Green tea comes from the plant Camellia Sinensis. The two main varieties of tea plants are Camellia sinensis, a small-leaf variety native to China, and Camellia sinesis assamica, a large-leaf variety that was first discovered in the Assam district of India.
Hundreds of cultivars and hybrid plants have evolved from these two plant varieties over time.
There are various types of teas made from the Camellia sinensis plant. Four well-known types are white tea made from young leaves and buds that have not yet turned green. The only processing for this tea is drying. The next is green tea which is made from mature leaves of the plant with minimal processing that involves only drying. Then there is black tea which is made from partially fermented mature leaves and oolong Tea, produced from fully fermented mature leaves.
Green tea is produced by harvesting the leaves from the Camellia sinensis plant, quickly heated by pan frying or steaming, and dried to prevent too much oxidation from occurring. Oxidation turns the green leaves brown and alters their flavor. Brewed green tea is typically green, yellow, or light brown.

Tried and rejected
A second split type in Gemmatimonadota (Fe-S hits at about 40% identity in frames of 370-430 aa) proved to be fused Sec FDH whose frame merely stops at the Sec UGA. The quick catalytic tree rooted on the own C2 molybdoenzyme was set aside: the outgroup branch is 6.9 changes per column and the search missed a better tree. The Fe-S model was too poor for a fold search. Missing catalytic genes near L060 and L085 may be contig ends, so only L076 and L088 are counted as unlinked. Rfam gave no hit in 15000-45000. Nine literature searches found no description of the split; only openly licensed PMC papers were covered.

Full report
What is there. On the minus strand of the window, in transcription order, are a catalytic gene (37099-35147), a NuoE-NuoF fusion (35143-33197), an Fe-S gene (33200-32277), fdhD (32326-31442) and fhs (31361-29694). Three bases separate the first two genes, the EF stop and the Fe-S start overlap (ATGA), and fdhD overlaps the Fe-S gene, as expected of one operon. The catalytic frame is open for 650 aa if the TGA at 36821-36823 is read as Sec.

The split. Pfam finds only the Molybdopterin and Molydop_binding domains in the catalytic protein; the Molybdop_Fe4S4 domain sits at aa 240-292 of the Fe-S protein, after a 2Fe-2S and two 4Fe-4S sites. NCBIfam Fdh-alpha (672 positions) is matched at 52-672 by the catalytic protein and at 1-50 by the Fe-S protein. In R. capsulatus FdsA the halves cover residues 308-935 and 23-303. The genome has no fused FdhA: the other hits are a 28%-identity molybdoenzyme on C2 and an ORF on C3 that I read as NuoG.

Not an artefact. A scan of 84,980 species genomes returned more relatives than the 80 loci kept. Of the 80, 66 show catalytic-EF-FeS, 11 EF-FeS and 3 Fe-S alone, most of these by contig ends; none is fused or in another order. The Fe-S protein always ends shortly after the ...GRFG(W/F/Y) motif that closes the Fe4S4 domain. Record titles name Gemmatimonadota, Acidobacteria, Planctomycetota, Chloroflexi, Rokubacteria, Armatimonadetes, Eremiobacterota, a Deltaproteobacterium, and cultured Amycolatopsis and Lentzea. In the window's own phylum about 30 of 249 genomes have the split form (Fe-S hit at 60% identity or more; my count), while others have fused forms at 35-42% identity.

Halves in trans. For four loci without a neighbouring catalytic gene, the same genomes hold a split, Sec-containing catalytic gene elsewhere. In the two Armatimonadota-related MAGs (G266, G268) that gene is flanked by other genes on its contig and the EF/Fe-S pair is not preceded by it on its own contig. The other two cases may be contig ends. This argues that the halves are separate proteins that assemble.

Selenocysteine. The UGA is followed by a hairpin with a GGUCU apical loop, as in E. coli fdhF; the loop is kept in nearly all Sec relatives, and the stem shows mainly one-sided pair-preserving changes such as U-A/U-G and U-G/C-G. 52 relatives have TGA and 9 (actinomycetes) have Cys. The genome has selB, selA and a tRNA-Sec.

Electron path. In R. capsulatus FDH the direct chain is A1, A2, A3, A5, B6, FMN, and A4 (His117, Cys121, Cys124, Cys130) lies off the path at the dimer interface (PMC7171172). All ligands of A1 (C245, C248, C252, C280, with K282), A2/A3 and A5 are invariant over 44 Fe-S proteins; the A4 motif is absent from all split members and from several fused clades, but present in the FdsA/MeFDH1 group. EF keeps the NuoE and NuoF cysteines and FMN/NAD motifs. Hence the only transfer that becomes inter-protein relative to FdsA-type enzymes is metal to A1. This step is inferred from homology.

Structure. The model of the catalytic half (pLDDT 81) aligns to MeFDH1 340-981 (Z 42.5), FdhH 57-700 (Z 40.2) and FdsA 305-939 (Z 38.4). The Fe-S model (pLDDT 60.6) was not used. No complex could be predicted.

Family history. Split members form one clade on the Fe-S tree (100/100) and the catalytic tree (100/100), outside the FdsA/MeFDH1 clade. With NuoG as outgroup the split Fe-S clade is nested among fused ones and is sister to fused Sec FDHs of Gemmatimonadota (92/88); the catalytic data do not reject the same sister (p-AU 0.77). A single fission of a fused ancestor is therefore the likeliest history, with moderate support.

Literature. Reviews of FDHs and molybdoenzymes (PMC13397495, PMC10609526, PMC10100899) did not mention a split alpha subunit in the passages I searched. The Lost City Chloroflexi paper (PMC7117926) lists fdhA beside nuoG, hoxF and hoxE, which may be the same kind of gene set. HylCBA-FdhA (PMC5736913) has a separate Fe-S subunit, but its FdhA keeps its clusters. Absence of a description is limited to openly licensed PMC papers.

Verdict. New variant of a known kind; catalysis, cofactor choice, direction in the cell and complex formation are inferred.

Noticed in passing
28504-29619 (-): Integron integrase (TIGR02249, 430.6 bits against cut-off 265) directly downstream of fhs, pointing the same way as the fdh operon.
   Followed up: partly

Green tea which originates from China traces back to 2737 B.C. It was accidentally discovered by the Chinese Emperor Shennong in the Yunan province of China when fresh tea leaves from a nearby Camellia sinensis tea tree fell into his cup of just boiled water. It was originally costly and only available to the highest tiers of Chinese society but became accessible to the general public for enjoyment and medicinal purposes in the 14th century. “The Classic of Tea” is the first written work to explain green tea culture and art around 800 A.D., by Lu Yu of China. Green tea is said to be mainstreamed in Japan around the 12th century and to this day, China and Japan are said to be the top exporting countries of Green tea in the world. Green tea traveled to the West in the 19th century with European explorers.